The most fundamental principle at stake concerns the representation of the House of Lords at Cabinet level. This is the first time the chamber has had no representation among full members of Cabinet. In a quick report issued on 25 July, the Lords Constitution Committee commented that all previous Leaders of the House of Lords have had Cabinet rank. But the nature of the change goes far further. The position of Lords Leader dates only to 1846, when Lord John Russell became Prime Minister in the Commons. Before this Prime Ministers had more commonly been drawn from the Lords. It was also common until the 19th century for a majority of Cabinet members to be peers. This subsequently declined, but Lords representation had always been guaranteed by presence of the Lord Chancellor: a centuries-old post held consistently by a peer until reform in 2005. Hence until nine years ago the Lords effectively had two guaranteed seats in Cabinet. Suddenly it has none.

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Former special advisers in Cabinet 1979-2013

As part of our project on special advisers the Constitution Unit has produced a brief research note looking at special advisers who went on to become Cabinet Ministers. This blog post picks out some key findings and offers some thoughts about what the findings tell us about special advisers and wider concern with the professionalisation of politics.

In this project, we are building an evidence base that will provide the most detailed description yet of who special advisers are. We are therefore interested in what special advisers go on to do after their time in government.

Among the many destinations for special advisers later in their careers are the most senior posts in British politics. The Prime Minister and leader of the Opposition were both special advisers and the speed of their ascent to the head of their parties has been noted by Phil Cowley as exceptional in post-war British politics. Both David Cameron and Ed Miliband have experience as Cabinet ministers but that is relatively rare among their fellow special advisers.

As the Unit’s research makes clear, just 16 Cabinet ministers were previously special advisers. To provide some context: Cabinet usually has 22 full members at any time; and there have been over 500 individuals who were special advisers before May 2010. Less than 5% of special advisers go on to become Cabinet ministers. This suggests that the widespread perception of special advisers as simply politicians in training is mistaken.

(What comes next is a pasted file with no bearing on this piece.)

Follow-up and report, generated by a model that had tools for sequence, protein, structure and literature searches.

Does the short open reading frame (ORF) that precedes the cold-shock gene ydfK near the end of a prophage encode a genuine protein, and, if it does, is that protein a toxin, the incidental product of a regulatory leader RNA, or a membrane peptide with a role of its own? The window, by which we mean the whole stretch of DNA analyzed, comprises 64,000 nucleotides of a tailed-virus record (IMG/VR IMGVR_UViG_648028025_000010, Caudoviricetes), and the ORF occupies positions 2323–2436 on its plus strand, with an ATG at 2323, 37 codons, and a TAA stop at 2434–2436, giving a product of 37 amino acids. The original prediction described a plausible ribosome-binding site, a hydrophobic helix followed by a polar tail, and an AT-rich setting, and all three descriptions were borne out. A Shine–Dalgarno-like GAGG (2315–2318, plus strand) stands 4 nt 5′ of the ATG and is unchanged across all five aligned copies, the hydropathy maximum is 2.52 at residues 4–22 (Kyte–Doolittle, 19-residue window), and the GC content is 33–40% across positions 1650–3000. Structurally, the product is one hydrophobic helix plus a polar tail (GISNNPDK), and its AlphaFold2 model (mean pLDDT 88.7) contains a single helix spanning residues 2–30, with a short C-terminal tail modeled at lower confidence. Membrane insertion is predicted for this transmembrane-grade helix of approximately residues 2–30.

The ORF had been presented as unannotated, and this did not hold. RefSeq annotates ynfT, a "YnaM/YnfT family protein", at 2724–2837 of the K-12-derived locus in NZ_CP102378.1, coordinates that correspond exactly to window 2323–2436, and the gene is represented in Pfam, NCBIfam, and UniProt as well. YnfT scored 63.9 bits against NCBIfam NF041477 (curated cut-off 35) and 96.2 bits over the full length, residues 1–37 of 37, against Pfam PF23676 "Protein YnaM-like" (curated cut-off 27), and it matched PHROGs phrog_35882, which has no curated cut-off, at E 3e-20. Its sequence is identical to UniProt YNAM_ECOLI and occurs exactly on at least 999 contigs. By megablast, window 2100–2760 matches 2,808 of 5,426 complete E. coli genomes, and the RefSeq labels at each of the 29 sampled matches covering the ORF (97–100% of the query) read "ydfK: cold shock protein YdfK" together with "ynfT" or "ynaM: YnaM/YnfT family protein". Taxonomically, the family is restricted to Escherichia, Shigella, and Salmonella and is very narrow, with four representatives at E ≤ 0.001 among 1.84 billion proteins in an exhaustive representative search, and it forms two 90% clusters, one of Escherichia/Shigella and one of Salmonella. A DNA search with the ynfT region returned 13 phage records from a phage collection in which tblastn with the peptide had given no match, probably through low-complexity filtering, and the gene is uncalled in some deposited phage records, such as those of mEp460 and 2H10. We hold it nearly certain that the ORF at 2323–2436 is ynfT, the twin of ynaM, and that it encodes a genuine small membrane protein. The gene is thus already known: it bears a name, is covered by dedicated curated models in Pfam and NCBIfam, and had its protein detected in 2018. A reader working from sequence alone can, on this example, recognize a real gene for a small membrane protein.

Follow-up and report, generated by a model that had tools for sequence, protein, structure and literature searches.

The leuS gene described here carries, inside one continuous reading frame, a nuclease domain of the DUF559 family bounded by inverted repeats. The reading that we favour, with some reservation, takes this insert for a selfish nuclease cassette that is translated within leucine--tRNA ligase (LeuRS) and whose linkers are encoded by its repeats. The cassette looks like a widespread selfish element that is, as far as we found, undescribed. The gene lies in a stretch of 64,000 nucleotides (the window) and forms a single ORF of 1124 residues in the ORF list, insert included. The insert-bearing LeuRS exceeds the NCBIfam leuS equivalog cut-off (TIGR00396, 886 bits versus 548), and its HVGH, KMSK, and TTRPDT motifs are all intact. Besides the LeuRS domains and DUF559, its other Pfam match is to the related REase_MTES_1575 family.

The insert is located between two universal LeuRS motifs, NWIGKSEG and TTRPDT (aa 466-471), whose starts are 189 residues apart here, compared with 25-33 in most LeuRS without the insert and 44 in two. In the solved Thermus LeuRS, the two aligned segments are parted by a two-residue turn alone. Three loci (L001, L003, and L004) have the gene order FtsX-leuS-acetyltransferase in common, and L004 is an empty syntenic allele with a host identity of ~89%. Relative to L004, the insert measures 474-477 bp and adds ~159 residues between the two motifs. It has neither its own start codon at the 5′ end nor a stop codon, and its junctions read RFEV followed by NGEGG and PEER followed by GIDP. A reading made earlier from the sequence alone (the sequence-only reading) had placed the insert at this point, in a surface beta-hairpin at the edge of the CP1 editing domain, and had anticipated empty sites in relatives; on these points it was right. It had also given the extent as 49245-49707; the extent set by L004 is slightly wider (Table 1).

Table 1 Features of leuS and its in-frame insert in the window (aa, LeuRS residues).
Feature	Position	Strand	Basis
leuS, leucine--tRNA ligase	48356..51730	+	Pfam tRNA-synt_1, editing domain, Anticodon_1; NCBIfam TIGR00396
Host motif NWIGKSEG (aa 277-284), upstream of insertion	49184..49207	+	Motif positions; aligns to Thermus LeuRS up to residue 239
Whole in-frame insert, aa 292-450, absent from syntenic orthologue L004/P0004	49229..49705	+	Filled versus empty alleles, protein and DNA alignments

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British Cabinets are still largely made up of people who have not served as special advisers to Ministers. The Labour government more than doubled the number of special advisers in post at any time, and it is associated with a handful of high profile special advisers turned Ministers. Under Gordon Brown,four former special advisers were brought into the Cabinet. From 2007-2010, former special advisers made up nearly one third of the Cabinet: the highest ever proportion in British political history, though this seems low for the supposed age of the professional politician Whether such levels will be reached or surpassed again is a matter for speculation.

Lord Adonis is on record as praising the experience of being a special adviser as an excellent apprenticeship for future Ministers. He says he benefitted from it. Nowhere else does one get the opportunity to experience life at the top of government as a political actor, learning how Whitehall responds to your requests. Nowhere else can one see the difficulties, pitfalls and routes to success for a Cabinet Minister so closely. Like all apprenticeships, taking this experience on board and putting it into practice when your turn comes round can surely aid performance.

The fact that only a minority of Cabinet ministers were previously special advisers serves to remind us that there is no one route to the highest offices in government. That will come as a relief to critics concerned about the professionalisation of politics and as a disappointment to Adonis and his ilk. In relation to the special advisers project, this information helps us to think clearly about the sort of skills, experience and other benefits that special advisers receive from their job. How much of the success of Cameron, Miliband et al., is due to the skills and political networks they developed during their time as a special adviser?

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The research note contains more detailed information than this blog post and we encourage you to download it here.